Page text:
Impaired kidney function. Along with diabetes often comes kidney damage, or Chronic Kidney Disease (CKD). Kidney disease leads to inadequate vitamin D levels, which can contribute to  bone density loss and loss of muscle strength.

Joint inflammation. Another complication of diabetes is inflammation of the joints, which can make walking safely and with confidence a difficult task.

Obesity. While not always the case, obesity is sometimes a comorbidity with type 2 diabetes. Being extremely overweight, with a BMI over 30, can make moving about hard and can lead to falls and injuries.

Amputations. In severe cases of diabetes, when limbs become infected, they have to be amputated. It goes without saying that in this case moving about can be hard and falls can happen.

High and low blood sugar symptoms

Know the symptoms of high and low blood sugar so you can be prepared when a high or low occurs.

Symptoms of hyperglycemia (very high blood sugar)
  • Thirstiness
  • Frequent urination
  • Very tired
  • Nausea
  • Shortness of breath
  • Pain in stomach
  • Breath that smells fruity
  • Dry mouth
  • Rapid heartbeat
Symptoms of hypoglycemia (very low blood sugar)
  • Shakiness
  • Anxiety
  • Fatigue
  • Weakness
  • Sweating
  • Hunger
  • Nausea
  • Dizziness
  • Trouble speaking or slurred speech
  • Confusion

What you can do

Here are the important steps to take to ensure that diabetes complications don’t lead to severe problems or accidents in your life.

Medication management. See a doctor regularly for a review of your medications. Certain medications might be interacting to cause problems. Mood stabilizers can cause confusion and dizziness; these should be reviewed to see if the dosage can be adjusted. Certain medical alert systems offer medication management technology as well.  

Use a medical alert device. Medical alert systems are a great way to make sure you are safe at all times, even if a diabetic emergency occurs. Med alerts even have fall detection and GPS tracking features to make sure you can get help wherever you go. Options include at-home landline systems, mobile wearable devices, and even smartwatches.

Blood sugar management. Correctly managing blood sugar levels is key to staying healthy with diabetes. Create a plan with your doctor and diabetes educator for insulin use, medications, diet, and activity. You might have to experiment with the best foods to eat and the right levels of exercise to keep your levels in check.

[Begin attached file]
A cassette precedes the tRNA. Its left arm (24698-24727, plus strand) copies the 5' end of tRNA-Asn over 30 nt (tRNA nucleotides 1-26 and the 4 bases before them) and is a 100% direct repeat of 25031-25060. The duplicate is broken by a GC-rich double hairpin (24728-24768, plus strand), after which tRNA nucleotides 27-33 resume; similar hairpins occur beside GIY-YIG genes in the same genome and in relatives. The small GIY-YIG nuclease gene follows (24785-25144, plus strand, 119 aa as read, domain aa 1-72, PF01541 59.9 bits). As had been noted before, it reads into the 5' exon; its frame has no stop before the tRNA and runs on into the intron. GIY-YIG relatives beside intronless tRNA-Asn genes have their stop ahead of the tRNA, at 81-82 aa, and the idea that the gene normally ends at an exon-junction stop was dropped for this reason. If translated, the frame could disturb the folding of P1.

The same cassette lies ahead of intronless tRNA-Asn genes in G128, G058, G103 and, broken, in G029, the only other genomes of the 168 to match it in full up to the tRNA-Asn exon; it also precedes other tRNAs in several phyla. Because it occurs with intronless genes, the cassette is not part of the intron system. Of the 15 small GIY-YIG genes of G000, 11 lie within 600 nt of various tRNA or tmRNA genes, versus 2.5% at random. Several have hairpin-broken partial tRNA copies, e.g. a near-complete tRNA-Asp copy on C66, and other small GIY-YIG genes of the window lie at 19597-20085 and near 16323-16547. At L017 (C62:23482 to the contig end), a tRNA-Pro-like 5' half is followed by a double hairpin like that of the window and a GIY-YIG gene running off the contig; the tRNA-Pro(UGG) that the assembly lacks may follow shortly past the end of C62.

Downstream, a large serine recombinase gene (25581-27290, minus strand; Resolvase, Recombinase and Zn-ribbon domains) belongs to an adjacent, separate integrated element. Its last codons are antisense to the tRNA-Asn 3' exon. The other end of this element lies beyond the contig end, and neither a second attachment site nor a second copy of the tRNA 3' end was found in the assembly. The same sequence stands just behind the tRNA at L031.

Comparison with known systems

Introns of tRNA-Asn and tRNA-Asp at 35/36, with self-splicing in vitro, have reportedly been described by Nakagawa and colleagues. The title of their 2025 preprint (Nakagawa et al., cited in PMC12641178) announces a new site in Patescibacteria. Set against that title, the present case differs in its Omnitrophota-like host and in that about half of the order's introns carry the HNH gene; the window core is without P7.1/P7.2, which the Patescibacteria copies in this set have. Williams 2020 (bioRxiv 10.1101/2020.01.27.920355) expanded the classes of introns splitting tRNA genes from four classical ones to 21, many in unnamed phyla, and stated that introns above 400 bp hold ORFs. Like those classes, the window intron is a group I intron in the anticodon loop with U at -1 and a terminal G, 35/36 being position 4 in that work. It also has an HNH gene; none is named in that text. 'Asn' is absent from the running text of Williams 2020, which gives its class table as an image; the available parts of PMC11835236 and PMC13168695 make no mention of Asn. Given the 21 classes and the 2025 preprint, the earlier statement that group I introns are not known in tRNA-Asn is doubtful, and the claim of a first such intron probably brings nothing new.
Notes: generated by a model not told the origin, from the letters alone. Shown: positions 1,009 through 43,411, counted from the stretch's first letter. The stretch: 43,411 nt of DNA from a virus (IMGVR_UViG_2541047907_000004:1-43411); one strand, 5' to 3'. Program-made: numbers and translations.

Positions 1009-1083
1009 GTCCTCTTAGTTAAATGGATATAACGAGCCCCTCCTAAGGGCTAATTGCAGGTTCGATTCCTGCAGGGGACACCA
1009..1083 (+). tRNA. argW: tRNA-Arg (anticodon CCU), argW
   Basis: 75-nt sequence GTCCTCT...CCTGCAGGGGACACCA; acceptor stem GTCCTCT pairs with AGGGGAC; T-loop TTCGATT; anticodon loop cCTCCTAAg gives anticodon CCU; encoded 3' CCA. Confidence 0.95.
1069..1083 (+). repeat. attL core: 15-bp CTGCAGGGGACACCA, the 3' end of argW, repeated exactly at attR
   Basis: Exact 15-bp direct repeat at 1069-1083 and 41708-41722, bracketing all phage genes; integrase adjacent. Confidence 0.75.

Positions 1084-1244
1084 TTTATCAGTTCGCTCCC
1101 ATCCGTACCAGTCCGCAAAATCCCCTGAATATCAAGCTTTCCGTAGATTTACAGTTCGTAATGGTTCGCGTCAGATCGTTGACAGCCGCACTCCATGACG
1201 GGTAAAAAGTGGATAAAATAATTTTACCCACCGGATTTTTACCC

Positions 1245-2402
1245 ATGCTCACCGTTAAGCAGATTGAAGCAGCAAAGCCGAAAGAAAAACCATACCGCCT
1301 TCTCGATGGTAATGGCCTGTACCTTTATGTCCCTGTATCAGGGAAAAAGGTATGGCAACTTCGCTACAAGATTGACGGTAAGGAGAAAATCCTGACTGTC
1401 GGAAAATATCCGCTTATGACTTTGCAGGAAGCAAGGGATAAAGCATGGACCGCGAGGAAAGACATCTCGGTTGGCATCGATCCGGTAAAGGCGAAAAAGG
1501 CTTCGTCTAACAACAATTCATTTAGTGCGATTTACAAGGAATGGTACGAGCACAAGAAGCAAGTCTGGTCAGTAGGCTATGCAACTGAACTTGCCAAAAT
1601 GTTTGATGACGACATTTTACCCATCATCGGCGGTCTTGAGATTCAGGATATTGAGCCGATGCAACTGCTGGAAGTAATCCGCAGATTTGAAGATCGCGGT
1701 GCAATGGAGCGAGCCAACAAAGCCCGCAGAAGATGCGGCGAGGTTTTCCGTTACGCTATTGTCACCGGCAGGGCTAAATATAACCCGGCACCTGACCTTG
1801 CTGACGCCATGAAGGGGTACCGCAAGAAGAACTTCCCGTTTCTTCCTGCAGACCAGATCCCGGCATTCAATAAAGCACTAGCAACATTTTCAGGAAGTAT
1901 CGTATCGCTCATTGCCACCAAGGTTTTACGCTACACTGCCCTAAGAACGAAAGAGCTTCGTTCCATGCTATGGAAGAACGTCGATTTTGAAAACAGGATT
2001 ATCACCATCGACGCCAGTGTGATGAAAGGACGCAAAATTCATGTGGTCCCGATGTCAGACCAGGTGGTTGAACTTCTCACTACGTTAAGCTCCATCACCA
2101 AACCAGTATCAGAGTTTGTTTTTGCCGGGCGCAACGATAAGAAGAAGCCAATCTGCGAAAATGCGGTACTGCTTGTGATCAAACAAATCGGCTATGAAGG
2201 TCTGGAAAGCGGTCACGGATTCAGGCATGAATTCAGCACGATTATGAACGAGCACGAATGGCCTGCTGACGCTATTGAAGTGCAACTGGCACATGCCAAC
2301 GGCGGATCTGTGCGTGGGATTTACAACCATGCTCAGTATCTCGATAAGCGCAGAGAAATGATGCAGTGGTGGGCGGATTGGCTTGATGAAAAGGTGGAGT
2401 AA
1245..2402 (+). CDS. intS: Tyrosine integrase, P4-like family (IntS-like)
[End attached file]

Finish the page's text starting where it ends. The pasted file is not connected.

Annual assessment of fall risk. Ask your doctor to assess your fall risk each year. They can make suggestions as to changes you can make to mitigate your risk.

Be active. Be sure to get exercise and be active as much as you can. The more sedentary a person is, the less agile they will be and more prone to falls and accidents. Create a plan with a personal trainer or join a group class.

Home modifications. An occupational therapist, physical therapist, or nurse can suggest changes you can make to your home. They can also evaluate how mobile you are and give you exercises to improve your balance and strength. The main things to do to make your home safe to navigate are to remove clutter, remove throw rugs, add lighting where needed, and add grab bars.  

Take osteoporosis medications. If you are diagnosed with osteoporosis, be sure to take the appropriate medications as prescribed by your doctor. These can help prevent bone breaks if a fall should occur.   

Wear appropriate shoes. Always wear rubber-soled sturdy shoes or purchase therapeutic footwear, which may be covered by Medicare.

Talk about it. Don’t be ashamed or scared if you fall or experience a diabetes emergency. Tell people about it so you can get help. The same goes for feelings of anxiety, depression, and fear of falling. Talking to a counselor and doing behavioral therapy can help you regain confidence, clarity, and strength.